Strawberries in the Desert

Story telling from Australia

What to do if you find a frog in Fiji.

If you’re anything like me you’ll take a photograph.

dsc05759

It’s hard not to be captivated by these tiny hopping creatures that appear everywhere after it rains in Fiji, hopping gaily through puddles and splashing in the wet grass.

‘Oh look, there’s another!’

Some of them are no bigger than your little fingernail, and you only spot them in the wet grass when they suddenly leap out of the way.

dsc05751

‘Mind you don’t step on it!’

I had hours of fun trying to photograph them, especially after a downpour.

dsc05741

dsc05742

‘Excuse me, could you tell me what those are called?

‘Those?’

‘Yes, those cute little frogs.’

‘Those are called cane toads.’

dsc05745

Cane toads. Not so cute after all then.

Cane toads with their thick warty skin and poisonous glands were introduced to Australia to combat pests in the sugar cane industry, and now they’re unstoppable pests.

They were also sent to Fiji in the mid 1930s, and for some reason they’ve shrunk in size since then. They may not grow to the gigantic proportions of Aussie cane toads but they’re still venomous enough to kill a puppy.

dsc05754

There are now millions of them right across the islands.

So if you see a frog in Fiji it might be best to keep walking. You’ll soon find something more appealing to photograph, like these equally tiny parrot finches.

dsc05773

If all else fails, there’s always the weather.

7 comments on “What to do if you find a frog in Fiji.

  1. monsoonwendy
    February 16, 2017

    We will be keen to pick your brains about Fiji! Wondering about a family holiday there in July?? Glad I could read the post! Have a fantastic time you two.

    Like

    • debhuntwasinbrokenhill
      February 16, 2017

      Thx Wendy, happy to share our experience, Fijian people are lovely but they and the islands were badly affected by last year’s cyclone. The coral reefs could take up to ten years to recover. Everyone putting a brave face on. Will call you when we get back x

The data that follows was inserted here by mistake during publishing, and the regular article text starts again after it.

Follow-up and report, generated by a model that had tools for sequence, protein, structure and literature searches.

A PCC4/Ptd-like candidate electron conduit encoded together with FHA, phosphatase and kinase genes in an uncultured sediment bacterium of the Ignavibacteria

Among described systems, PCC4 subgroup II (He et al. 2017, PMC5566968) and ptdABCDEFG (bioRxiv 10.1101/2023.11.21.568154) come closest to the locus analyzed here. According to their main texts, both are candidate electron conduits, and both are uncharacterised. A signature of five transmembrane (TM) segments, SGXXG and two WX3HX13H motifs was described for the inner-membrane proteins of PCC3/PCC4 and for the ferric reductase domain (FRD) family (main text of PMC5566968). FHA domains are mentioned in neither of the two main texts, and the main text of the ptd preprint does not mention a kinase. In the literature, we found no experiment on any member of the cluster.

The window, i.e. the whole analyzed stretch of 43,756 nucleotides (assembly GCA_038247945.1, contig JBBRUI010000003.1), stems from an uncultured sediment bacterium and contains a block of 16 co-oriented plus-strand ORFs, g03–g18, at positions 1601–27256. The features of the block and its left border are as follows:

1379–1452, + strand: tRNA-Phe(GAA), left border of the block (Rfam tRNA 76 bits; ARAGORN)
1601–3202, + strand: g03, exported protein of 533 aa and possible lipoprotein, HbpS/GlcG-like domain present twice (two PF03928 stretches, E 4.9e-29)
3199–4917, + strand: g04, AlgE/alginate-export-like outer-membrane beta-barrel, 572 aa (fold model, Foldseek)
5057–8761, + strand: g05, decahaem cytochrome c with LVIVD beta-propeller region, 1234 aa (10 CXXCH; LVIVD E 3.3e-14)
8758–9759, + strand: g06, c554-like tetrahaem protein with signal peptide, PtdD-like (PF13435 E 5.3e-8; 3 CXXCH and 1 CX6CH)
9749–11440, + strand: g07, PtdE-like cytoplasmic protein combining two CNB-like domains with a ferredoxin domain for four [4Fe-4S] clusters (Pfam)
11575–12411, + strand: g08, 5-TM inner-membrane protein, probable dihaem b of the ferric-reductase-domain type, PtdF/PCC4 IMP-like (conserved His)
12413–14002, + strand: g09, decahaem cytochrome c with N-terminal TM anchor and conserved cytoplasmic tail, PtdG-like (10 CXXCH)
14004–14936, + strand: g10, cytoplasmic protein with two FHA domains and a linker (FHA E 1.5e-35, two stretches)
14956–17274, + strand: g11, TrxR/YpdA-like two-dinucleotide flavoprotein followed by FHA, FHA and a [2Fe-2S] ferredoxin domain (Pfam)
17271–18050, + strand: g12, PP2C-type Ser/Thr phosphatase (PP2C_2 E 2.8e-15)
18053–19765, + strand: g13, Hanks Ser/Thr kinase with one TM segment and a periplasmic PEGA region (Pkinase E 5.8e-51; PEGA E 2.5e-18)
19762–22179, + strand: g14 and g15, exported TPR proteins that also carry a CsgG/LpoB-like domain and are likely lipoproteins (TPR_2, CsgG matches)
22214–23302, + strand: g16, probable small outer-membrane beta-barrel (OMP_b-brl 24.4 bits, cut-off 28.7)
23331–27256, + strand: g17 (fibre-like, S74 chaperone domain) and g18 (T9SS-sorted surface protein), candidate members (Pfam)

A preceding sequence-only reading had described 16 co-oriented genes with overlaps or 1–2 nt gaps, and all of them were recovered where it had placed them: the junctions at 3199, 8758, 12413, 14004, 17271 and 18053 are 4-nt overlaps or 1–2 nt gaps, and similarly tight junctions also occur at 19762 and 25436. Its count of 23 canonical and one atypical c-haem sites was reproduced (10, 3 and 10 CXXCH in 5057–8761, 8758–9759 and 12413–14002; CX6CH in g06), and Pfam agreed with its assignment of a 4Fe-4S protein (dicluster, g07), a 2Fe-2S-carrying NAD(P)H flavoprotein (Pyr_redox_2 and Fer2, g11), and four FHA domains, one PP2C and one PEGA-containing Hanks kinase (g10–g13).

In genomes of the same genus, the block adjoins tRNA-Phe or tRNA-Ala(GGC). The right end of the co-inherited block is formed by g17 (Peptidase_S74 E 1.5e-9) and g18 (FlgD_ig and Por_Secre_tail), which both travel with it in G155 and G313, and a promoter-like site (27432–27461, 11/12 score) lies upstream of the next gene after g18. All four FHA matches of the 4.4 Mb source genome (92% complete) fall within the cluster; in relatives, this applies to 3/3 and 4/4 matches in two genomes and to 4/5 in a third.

Like

  2. Dale
    February 16, 2017

    “Not so cute after all”… How often are species introduced to get rid of one pest only to become one themselves?
    Enjoyable pictures, though!!

    Like

    • debhuntwasinbrokenhill
      February 16, 2017

      You’re so right Dale, why do we meddle in nature so often? It invariably has long term adverse consequences that aren’t foreseen at the time.

      Liked by 1 person

  3. candidkay
    February 16, 2017

    I think you have the title for a new children’s book! Reminded me of: “If You Give a Pig a Pancake.” One of my son’s favorites as a young boy:).

    Liked by 1 person

    • debhuntwasinbrokenhill
      February 16, 2017

      Hah, immediately I want to know what happens if you give a pig a pancake!

      Liked by 1 person

      • candidkay
        February 17, 2017

        I won’t get into all the gory details but let’s just say it involves a dressed up pig tap dancing and a treehouse with sticky wallpaper :-).

        Liked by 1 person

Leave a Reply

Fill in your details below or click an icon to log in:

WordPress.com Logo

You are commenting using your WordPress.com account. Log Out / Change )

Twitter picture

You are commenting using your Twitter account. Log Out / Change )

Facebook photo

You are commenting using your Facebook account. Log Out / Change )

Google+ photo

You are commenting using your Google+ account. Log Out / Change )

Connecting to %s

Information

This entry was posted on February 16, 2017 by and tagged , , , , .

I'm a writer based in Australia with a passion for gardening, remote places and people with a story to tell.

%d bloggers like this: